When is a Mortgage Not a Mortgage?

There is a mechanism under the Bankruptcy and Insolvency Act (“BIA”) where a Trustee in Bankruptcy, with the Courts permission, can sell property of the bankrupt that is the subject of a security interest, and the Court can order that the security be cancelled and the property sold free and clear.

A lender that holds a mortgage on real property as security for its loan is a secured creditor. There are very few circumstances in which its security can be lost. One of those circumstances, and one that is not commonly known, arises under the BIA.

The BIA provides that where a Trustee who has knowledge of property that may be subject to a “security” (which includes a mortgage) can serve notice on the secured lender to file with the Trustee proof of their security. Where the secured lender does not file a proof of security within 30 the Trustee may with the permission of the Court sell any property that was subject to the security free and clear of that security (emphasis mine). So if a borrower becomes bankrupt, the Trustee can mail or fax a notice to a mortgage lender and if a proof of the mortgage security is not filed within 30 days, the mortgage may be lost.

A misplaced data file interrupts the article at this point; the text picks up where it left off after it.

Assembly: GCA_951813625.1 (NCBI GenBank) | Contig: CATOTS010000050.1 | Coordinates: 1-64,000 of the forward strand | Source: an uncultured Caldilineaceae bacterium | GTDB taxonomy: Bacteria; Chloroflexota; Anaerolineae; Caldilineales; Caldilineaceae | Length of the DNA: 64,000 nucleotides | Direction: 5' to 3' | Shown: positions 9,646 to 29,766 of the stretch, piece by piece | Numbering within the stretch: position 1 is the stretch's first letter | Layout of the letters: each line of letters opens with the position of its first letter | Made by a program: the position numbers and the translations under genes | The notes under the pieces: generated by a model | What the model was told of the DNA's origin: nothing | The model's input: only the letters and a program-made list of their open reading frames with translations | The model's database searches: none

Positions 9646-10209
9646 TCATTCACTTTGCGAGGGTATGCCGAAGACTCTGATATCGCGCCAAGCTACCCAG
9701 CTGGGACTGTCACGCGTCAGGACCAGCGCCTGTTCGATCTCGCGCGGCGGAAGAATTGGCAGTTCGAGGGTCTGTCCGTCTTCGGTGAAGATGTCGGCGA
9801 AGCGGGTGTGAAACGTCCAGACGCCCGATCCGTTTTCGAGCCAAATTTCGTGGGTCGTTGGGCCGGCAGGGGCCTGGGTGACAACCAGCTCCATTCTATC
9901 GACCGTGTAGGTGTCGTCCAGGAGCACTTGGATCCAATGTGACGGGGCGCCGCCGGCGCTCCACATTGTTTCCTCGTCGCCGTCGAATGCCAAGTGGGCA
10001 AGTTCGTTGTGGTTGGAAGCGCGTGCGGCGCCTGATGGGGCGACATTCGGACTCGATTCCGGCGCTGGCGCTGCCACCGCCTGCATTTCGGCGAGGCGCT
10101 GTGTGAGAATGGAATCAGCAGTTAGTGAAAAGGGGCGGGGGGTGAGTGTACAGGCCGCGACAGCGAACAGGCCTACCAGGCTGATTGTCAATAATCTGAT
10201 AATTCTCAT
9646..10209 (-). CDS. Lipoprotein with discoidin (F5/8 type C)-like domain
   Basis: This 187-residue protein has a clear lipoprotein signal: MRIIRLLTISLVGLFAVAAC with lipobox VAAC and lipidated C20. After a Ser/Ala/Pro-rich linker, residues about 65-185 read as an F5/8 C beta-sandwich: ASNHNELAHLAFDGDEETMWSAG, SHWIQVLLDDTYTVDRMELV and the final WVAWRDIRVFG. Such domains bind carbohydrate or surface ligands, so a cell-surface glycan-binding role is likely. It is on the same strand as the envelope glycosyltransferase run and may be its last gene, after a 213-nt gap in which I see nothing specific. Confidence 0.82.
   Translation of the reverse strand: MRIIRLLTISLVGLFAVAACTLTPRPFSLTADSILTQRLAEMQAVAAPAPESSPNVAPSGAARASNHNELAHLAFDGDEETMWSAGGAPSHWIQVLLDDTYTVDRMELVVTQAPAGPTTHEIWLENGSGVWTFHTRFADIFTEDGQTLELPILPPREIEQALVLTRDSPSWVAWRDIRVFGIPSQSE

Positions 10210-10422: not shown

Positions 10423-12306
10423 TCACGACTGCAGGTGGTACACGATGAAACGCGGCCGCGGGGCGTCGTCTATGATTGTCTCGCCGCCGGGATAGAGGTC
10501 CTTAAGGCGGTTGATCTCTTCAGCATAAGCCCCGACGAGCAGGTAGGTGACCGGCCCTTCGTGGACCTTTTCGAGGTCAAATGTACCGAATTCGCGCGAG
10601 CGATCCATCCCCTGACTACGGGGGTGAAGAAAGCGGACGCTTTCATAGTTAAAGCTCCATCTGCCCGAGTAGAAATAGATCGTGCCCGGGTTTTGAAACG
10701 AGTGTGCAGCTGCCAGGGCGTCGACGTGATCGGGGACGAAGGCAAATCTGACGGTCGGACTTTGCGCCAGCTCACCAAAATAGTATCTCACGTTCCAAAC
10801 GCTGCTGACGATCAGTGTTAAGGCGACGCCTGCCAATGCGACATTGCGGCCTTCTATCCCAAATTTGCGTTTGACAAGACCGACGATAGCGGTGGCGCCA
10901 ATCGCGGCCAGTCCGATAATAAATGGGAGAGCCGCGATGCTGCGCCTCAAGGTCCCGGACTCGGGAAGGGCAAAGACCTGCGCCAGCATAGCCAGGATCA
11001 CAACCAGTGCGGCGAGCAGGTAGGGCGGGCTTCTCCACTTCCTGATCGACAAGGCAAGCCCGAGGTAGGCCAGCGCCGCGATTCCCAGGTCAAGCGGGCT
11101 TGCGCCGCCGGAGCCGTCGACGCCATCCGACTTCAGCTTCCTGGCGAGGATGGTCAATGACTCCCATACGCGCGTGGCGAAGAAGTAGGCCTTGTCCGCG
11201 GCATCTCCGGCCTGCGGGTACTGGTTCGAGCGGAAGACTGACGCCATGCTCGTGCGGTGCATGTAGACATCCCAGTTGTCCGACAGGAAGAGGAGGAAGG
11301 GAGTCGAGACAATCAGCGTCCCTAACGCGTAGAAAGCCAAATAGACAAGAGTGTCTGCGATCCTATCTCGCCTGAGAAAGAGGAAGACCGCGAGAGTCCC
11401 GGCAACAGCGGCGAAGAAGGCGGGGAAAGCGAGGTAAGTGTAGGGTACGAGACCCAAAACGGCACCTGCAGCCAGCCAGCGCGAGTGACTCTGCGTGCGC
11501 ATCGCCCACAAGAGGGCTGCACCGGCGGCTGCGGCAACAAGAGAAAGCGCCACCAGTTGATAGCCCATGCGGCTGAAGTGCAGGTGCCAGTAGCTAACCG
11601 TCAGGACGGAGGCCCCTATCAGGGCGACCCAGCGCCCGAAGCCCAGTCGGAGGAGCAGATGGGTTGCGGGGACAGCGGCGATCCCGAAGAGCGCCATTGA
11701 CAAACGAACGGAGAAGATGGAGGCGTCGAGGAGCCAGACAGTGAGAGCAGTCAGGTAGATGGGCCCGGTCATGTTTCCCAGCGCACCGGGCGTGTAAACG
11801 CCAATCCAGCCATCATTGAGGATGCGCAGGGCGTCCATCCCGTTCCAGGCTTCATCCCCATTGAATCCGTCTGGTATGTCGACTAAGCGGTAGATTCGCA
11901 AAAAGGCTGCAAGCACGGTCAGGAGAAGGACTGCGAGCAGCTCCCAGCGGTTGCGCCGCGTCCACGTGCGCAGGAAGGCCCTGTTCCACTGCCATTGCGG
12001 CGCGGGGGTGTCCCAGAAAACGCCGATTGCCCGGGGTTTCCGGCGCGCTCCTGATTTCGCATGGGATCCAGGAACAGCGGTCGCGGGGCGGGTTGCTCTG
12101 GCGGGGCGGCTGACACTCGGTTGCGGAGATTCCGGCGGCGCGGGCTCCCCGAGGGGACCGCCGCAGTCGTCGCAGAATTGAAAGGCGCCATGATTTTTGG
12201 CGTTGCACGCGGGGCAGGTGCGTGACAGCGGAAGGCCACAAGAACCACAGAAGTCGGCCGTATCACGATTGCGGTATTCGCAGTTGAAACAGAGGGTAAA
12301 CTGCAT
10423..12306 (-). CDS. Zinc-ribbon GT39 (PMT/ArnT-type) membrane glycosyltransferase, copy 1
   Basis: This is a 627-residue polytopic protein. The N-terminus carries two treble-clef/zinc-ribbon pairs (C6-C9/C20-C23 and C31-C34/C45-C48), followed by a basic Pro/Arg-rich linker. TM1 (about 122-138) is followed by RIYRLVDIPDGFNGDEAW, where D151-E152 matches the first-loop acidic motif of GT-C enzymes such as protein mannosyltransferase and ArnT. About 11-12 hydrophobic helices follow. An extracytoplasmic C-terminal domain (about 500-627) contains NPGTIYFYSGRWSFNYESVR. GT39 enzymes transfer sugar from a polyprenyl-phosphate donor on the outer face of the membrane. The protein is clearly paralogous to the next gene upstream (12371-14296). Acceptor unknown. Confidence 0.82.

Mortgage lenders should be aware of these sections of the BIA and be diligent in filing their claim with the Trustee when they receive notice of a bankruptcy.Any lender that receives a notice a notice of bankruptcy should immediately contact the Trustee and either file a proof of claim and proof of security or seek legal advice.Failure to do so can result in a loss of the mortgage and the loan becoming unsecured.

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